Tuesday, 10 November 2015
Tax Laws Amendment (Combating Multinational Tax Avoidance) Bill 2015; In Committee
I can agree to disagree with the finance minister in relation to this. I think the best thing to do now is to move the amendment standing in my name. I move amendment (1) on sheet 7789:
(1) Schedule 1, page 7 (before line 10), before item 5, insert:
4A After section 3C
3D Reporting of information about significant global entities
(1) This section applies to a corporate tax entity for an income year if the entity is a significant global entity (within the meaning of the Income Tax Assessment Act 1997) for the income year.
(2) The entity must, as soon as practicable after the end of the income year, give the Commissioner a general purpose financial report for the income year.
(3) For the purposes of this section, a general purpose financial report must be prepared and audited in relation to the entity in accordance with:
(a) accounting principles and auditing principles; or
(b) if such principles do not apply—commercially accepted principles, relating to accounting and auditing, that ensure the statements give a true and fair view of the financial position and performance of that entity (or that entity and the other entities on a consolidated basis).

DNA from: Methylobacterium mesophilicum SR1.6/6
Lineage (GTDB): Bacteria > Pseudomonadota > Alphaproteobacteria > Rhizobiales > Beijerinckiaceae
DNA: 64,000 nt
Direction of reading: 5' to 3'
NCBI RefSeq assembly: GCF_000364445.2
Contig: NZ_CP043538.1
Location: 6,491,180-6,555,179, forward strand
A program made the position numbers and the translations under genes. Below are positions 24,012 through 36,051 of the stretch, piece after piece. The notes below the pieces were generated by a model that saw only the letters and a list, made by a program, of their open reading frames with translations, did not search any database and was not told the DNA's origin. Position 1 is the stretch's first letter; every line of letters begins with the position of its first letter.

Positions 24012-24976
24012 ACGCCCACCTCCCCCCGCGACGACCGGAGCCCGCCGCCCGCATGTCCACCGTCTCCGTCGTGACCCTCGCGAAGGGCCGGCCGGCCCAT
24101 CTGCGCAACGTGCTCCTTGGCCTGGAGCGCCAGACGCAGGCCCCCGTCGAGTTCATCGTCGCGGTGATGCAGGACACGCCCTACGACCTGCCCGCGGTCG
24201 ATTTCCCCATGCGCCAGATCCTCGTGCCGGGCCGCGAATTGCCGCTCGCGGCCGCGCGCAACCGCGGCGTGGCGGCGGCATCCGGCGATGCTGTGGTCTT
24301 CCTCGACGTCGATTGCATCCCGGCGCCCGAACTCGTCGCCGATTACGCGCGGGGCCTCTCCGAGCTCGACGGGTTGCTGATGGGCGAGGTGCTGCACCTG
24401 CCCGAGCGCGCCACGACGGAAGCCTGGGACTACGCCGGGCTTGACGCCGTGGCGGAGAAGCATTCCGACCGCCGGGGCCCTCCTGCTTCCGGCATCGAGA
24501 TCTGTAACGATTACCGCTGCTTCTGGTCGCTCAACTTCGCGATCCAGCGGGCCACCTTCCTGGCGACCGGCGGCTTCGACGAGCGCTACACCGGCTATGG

An expression used in this subsection that is also used in the Income Tax Assessment Act 1997 has the same meaning as in that Act.
(4) The Commissioner must give a copy of the report to the Australian Securities and Investments Commission.
I have spoken about this amendment in the context of the second reading contribution. This relates to the reporting of information about significant global entities. It applies to a corporate tax entity for an income year if the entity is a significant global entity—that is, an entity that has revenue of $1 billion a year or more in terms of its global operations. It would also apply to an Australian based company if it has that revenue of $1 billion a year or more, and it mirrors the definitional framework in the government's own bill in this regard. If a company is an Australian based company and has a revenue of $1 billion a year or more, then it ought to be big enough and ugly enough to provide these accounts.
I do not buy the arguments that I reluctantly accepted that relate to companies of $100 million or more in terms of being part of a supply chain arrangement with Coles or Woolworths. Once you get to $1 billion, there cannot be any question of the ability to provide general purpose accounts rather than special purpose financial reports, which are scant in their detail. This would apply to companies such as Apple, Microsoft and Google. These companies ought to be able to provide general purpose accounts to the same level of detail that a publicly listed company, which may be much smaller, would give to the Australian Securities Exchange. They would be readily available information. That is why I commend this amendment. I know the Australian Greens have a similar amendment, but its threshold is lower at $500 million.